I have a hardback copy of Michael Wolff’s “Fire and Fury: Inside the Trump White House,” and I have a Kindle copy of Bob Woodward’s “Fear: Trump in the White House.” But while I started them both, I haven’t finished reading them. When I picked up James Comey’s “A Higher Loyalty,” on the other hand, I had a hard time putting it down. While it is a historically important book, Comey’s down-to-earth style and willingness to convey emotions as well as hard facts also made me feel like I was getting to know the author personally.
In the book, Comey focuses on his concept of good leadership, using examples from his boss Harry Howell at a grocery store in Allendale, New Jersey, to some of the former U.S. presidents he has served. He repeatedly refers to the qualities of an effective leader, who creates “an environment where disappointing him causes people to be disappointed in themselves. Guilt and affection are far more powerful motivators than fear… A leader who screams at his employees or belittles them will not attract and retain great talent over the long term.” The last sentence made me think of Donald Trump, but Comey wrote it while describing how he became the director of the FBI in 2013.
While reading about significant events from Comey’s professional career, I felt like a privileged “fly on the wall” who also had the benefit of knowing what Comey was thinking and feeling. I got the inside scoop on the New York mafia, on how the decision was made to prosecute Martha Stewart for insider trading and on the agonizing dance involving the Clinton emails. I learned what it was like to work for Rudy Giuliani. And in the final chapters I found out what it was like to deal with Donald Trump one-on-one.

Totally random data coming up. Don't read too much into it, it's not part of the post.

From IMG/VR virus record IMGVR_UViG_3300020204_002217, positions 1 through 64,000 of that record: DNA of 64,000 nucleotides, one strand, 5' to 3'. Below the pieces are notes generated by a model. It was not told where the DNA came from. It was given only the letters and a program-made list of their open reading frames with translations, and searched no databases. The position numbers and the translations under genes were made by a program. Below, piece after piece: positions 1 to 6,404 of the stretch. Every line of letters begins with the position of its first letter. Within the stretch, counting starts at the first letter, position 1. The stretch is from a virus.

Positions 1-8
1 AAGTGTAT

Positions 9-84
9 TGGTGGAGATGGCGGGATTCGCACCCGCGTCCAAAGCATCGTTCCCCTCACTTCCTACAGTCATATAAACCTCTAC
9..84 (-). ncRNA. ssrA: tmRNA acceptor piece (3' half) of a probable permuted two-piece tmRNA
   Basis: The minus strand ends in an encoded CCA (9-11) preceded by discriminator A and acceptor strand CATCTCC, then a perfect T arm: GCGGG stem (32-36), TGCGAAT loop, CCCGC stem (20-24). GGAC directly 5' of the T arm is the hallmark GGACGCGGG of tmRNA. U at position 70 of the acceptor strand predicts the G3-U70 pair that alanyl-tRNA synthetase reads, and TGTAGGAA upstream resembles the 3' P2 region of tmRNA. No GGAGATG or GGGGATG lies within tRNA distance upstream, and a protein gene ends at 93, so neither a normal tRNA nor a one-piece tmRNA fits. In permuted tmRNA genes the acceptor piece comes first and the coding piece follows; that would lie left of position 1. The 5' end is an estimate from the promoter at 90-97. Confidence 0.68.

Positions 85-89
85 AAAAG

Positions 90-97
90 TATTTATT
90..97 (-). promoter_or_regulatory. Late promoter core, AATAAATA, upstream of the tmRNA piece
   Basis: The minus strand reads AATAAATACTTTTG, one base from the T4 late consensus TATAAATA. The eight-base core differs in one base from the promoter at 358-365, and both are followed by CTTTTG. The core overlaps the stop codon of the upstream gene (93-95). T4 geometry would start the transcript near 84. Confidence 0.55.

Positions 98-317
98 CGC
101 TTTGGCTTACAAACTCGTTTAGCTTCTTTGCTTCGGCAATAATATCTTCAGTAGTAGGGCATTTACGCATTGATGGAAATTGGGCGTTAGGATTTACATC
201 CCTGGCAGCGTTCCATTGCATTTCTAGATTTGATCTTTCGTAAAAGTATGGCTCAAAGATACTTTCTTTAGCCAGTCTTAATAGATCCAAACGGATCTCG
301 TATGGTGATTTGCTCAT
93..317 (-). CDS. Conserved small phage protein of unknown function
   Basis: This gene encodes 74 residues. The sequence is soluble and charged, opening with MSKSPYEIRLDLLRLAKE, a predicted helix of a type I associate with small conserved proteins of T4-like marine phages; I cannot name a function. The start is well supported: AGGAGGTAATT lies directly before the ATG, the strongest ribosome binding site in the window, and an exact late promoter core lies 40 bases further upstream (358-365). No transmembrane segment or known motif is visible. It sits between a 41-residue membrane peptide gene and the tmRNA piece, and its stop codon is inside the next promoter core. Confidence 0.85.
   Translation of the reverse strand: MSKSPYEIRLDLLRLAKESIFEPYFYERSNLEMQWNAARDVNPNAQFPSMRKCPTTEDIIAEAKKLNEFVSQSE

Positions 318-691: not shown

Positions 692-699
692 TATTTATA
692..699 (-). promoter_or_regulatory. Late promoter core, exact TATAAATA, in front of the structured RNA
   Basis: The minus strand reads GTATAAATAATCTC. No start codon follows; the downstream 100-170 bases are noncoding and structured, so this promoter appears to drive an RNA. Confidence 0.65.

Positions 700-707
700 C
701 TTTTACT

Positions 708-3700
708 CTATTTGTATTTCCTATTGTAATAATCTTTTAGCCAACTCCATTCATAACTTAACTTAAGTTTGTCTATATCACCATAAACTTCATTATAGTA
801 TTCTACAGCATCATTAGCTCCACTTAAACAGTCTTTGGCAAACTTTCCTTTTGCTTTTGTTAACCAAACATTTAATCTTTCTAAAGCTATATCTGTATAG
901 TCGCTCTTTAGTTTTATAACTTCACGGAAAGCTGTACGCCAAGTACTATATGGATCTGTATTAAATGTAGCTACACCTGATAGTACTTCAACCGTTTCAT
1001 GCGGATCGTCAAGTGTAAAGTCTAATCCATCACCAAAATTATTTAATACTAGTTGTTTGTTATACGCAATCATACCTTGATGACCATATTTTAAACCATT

In this 275-page book, President Trump is not elected until page 204, and yet, of course, Trump and his administration figure very importantly in it. Comey makes clear that his loyalty is to the law and the truth, and the book is a story of the struggle between this kind of loyalty and loyalty to individual people or political parties. The story’s denouement, of course, is Comey’s firing from his job as FBI director on May 9, 2017. The months before that saw some grotesque, futile attempts by Trump to control Comey, who, on his last day on the job, was in Los Angeles giving a pep talk to FBI personnel when he was surprised by headlines on TV screens in the back of the room saying “Comey Fired.” Like a number of others, Comey paid the price for refusing to give Trump the personal loyalty he demanded.
For people who care about the truth and the rule of law in this country, and who put country above political party, this book offers a useful perspective on events that are unfolding even now.
Reviewer Bill van den Berg is a retired State College Area High School physics teacher. He now volunteers with Fair Districts PA and teaches windsurfing to raise money for nonprofits.